Michael Foy no longer lives in Surrey, where he was born and raised, but the characters of his short stories sure spend a lot of time in the city.
The Montreal-based writer works and lives in suburban Baie D’Urfe, in a home located one block west of Surrey Street, the name of which offered him some comfort when his family chose to live there.
Foy grew up in the Newton area of Surrey from 1970 to 2004, before teaching, academic pursuits and, he says, “a beautiful woman” prompted a move to the U.S. and, ultimately, Montreal.
“I started writing short stories in 2015, while completing a creative writing course at Concordia University,” Foy told the Now-Leader. “I spent a lot of time travelling to Montreal by train and wanted to use that time to create fiction,” he continued. “I started by reading the greats like Raymond Carver, Alice Munro, Denis Johnson, and Allistair MacLeod. I completed my first story Falling, about a boy who escapes the drudgery and distress of home to meet a girl and go for a night swim, only to find his moments of distress magnified. Growing up I spent a lot of time at Unwin Pool. It was a pool name just waiting for a story. Once that story was published, I was hooked and have since written 12 more, most of which are set in and around Surrey.”
Foy’s detail-rich story, about explosives experts at Pitt River Quarry, includes a scene of beer, billiards, strippers and a mechanic nicknamed Douche at the old Newton Inn on King George Boulevard.
“I responded to a submission call that was posted on Facebook,” Foy said of his involvement in Canadian Shorts II. “Open calls to Canadian anthologies are not that common, and it seemed like a great opportunity to share my work. Up until then I had focused on Canadian literary magazines, so this seemed like a logical next step.”
He said managing editor Brenda Fisk created a cool cover and a series of engaging efforts to promote the collection.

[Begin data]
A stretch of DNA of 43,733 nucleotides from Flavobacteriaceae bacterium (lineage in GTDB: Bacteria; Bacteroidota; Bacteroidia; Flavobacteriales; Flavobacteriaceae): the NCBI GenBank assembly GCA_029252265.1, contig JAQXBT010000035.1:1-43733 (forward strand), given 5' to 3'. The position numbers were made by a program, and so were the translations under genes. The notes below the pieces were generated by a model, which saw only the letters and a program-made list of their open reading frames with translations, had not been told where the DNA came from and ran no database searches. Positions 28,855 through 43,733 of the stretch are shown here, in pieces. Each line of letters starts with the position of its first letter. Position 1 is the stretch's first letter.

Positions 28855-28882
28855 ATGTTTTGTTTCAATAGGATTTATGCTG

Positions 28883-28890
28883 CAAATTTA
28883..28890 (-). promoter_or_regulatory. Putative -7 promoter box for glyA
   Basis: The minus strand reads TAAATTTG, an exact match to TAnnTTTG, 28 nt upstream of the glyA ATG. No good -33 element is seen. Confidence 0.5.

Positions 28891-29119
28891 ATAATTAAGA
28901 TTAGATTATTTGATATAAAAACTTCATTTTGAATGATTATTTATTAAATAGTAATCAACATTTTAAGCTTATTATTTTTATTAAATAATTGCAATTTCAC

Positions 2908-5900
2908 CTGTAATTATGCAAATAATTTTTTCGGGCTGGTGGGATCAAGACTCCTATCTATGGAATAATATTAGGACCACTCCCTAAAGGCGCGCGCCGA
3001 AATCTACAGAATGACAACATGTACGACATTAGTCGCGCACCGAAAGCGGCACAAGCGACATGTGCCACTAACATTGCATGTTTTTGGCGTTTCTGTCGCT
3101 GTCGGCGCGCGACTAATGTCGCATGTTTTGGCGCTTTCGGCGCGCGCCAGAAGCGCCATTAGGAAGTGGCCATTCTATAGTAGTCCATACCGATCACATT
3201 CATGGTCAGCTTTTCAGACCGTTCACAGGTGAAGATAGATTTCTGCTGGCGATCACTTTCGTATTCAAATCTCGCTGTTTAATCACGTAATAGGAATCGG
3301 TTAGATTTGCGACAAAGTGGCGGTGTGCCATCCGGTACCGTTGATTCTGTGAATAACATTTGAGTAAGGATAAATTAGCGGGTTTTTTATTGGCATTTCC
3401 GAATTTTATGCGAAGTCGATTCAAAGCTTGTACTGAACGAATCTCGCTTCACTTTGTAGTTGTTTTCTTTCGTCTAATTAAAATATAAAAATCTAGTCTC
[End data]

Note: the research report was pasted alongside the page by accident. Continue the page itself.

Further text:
“It has been a pleasure to be a part of the project, especially with its tribute to first responders in the time of this COVID pandemic.”
The 242-page book, available at online retailers in paperback, large print, ebook and audiobook, promises literary fiction, sci-fi, romance-thriller and other short stories, all dedicated to emergency medical dispatchers. The foreword is written by Stacey O’Sullivan, a retired paramedic.
The book “unites some of our country’s diverse writing talent to defy 2020’s year of upheaval,” the publisher says. “From the depths of social isolation and societal upheaval, 16 authors offer compelling stories of hope, failure, love, and sheer wonder at the workings of the world – with Bigfoot and a little alien abduction for fun.”
Foy’s bio says he completed degrees in psychology and teaching at Simon Fraser University, and has published stories in The Nashwaak Review, Grain Magazine, Blank Spaces, Literally Stories, QWERTY and The Impressment Gang. At John Abbott College, he is the psychology department chair.
“I recently completed a short story manuscript of 13 stories, the majority of which are set in Surrey,” Foy noted. “Since moving from my hometown, I find solace and value in remembering events from my time there, growing up in a city bursting at the seams, and coping with the change that ensued forms a theme in some of the stories.”